chief minister, Speaker, Cabinet Minister etc. Other posts held by relatives near
and far are too numerous to mention.
The family has been exerting a firm grip on the party in the past. Even now
amendments to the Party Constitution will give Kumaratunga greater powers as
party president. Anura will be there as "PM" or "Number two". Potential contenders
to the throne have been there in the past but the family held on to what it
perceived as its own. After SWRD's death W. Dahanayake became Caretaker
Prime Minister as CP de Silva was abroad recovering from a suspected poisoning
attempt.CP returned and led the party at the 1960 March hustings. But the July
poll saw Bandaranaikes widow coming to the fore, spearheading the campaign
and ending up as a Senatorial Prime Minister.
When Mrs. Bandaranaike lost her civic rights in 1980 it was a trusted family
loyalist and non - controversial politician Lakshman Jayakody who was made
Attanagalla MP. Later when the first Presidential elections were held in 1982 a
Kandyan kinsman Hector Kobbekaduwe became the party candidate. Yet there
were moves to sabotage his bid from within. To her credit Chandrika supported
husband Vijaya in backing Hector in the campaign.
The Leader of opposition post fell vacant in 1983 when the Tamil United
Liberation Front forfeited seats in parliament due to the sixth amendment
disavowing separatism The obvious choice from the SLFP to replace
Amirthalingam should have been former acting Prime Minister Maithripala
Senanayake representing Medawachiya continuously in Parliament since 1947.
But no the mantle fell on young Anura Bandaranaike an MP for only seven years.
Another phenomenon was Sirima being Prime Minister under daughter Chandrikas
presidency in the nineties in spite of her ill- health and physical state.No body said
"no" to the grand old lady in a wheel chair.
Against this backdrop Mahinda Rajapakse penetrating the jealously preserved
Bandaranaike monopoly is certainly remarkable. He is certainly an outsider as far
as the family is concerned. As for the party Mahinda is an insider. Despite the
sibling rivalry among the Bandaranaike - Rajapakse political brats there is no
denying that the political destiny of the Rajapakses too have been inextricably
intertwined with that of the SLFP. The Rajapakses of Weeraketiya too are a
founding family of the SLFP like the Bandaranaikes of Horagolla. First family they
may not be (at least till now) but they are certainly second to none in the party.
As for Mahinda he has a greater stake in the present SLFP than Chandrika or
Anura.While the Bandaranaikes have been firmly in the SLFP leadership saddle it
is ironic to note that two major splits in the party were engineered by members of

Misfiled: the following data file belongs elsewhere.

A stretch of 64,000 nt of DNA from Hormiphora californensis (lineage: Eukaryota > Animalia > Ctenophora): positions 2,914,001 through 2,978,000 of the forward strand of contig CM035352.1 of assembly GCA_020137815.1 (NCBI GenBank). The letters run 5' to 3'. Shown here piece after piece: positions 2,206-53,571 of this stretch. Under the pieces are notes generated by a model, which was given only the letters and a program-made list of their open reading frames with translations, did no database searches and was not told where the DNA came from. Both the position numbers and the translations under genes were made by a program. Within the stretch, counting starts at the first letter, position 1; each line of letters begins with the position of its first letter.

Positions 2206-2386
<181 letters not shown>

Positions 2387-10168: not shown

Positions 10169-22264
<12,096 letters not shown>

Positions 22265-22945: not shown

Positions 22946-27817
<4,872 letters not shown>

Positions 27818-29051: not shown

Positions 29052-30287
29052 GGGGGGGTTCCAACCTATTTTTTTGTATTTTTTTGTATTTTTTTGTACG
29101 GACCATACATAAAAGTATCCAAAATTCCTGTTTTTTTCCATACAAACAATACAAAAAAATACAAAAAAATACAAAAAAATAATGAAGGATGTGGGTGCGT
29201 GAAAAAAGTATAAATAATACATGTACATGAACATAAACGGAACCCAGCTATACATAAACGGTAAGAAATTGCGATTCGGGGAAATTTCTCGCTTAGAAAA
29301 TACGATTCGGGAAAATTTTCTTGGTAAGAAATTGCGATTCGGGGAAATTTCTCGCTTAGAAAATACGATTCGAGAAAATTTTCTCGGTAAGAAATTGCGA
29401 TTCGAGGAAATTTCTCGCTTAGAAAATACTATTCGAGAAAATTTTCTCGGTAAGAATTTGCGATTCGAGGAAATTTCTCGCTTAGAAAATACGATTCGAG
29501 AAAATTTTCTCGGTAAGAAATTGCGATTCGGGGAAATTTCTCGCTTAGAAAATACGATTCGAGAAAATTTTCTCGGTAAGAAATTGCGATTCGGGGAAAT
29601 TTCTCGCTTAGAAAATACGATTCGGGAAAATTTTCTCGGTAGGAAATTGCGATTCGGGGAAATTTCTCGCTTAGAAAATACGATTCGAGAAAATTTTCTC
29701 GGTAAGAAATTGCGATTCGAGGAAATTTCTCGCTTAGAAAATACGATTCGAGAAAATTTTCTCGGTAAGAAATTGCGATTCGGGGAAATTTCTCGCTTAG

the clan. The first was in the eighties when Anura , Maithripala and Haleem Ishak
went out of the party and briefly flirted with the UNP.They returned later. Then in
1993 Anura crossed over again this time firmly into the UNP camp under DB
Wijetunga. He remained there for some years and returned back to the SLFP after
mending fences with his sister.
As for Chandrika she along with husband Vijaya made up a radical dissident
faction within the SLFP. The positive aspect of this was the very progressive
stance on the national question. She split from the SLFP and formed the SLMP in
1984. After Vijayas assassination she went off to Britain. The SLMP split.
Chandrika then returned and along with Rajitha Senaratne formed the BSP.
Realising that the way to power was through the family party she went back to the
SLFP causing brother Anura to leave. She quickly consolidated her hold,
projected a new image and the rest was history.
Compared to Anura and Chandrika's infidelity towards the SLFP Mahinda
Rajapakse has been firmly loyal. He did not desert the party during the time of JR
Jayewardene when the SLFP was out in the cold for a long, long time. It was
Mahinda along with Mangala Samaraweera who kept the party going during the
Premadasa regime. The Pada Yathras and Jana Goshas they organized
reinforced resistance to the UNP.Mahindas commitment to upholding human rights
is also a plus point in his favour.Once he was barred from leaving the Country to
attend the Human Rights parley at Geneva.
It has been said in lighter vein that a postage stamps success depends on its
ability to stick to the envelope till it reaches its destination. Mahindas success too
is due to his ability in sticking to the SLFP through fair and foul season instead of
deserting it during leaner times like Chandrika and Anura. Earlier he was quite
content to play second fiddle to Anura and then Chandrika.It is only in recent
times that he has asserted himself and staked his claim for what he felt was
rightfully his. The Opposition Leader and Prime Ministerial posts had to come to
him. There is no other worthy of those than Mahinda in the SLFP.
The Girawapattu Rajapakses have been involved in politics from the time of
SWRD Bandaranaike. This writer communicated with three knowledgeable
persons to obtain an insight into the Rajapkse family and their politics. One was
former Parliament Secretary - General and proud Southerner Sam Wijesinghe.
The other was veteran journalist and ex - Sunday Observer editor HLD
Mahindapala now in Australia. The third was former Parliamentarian and lawyer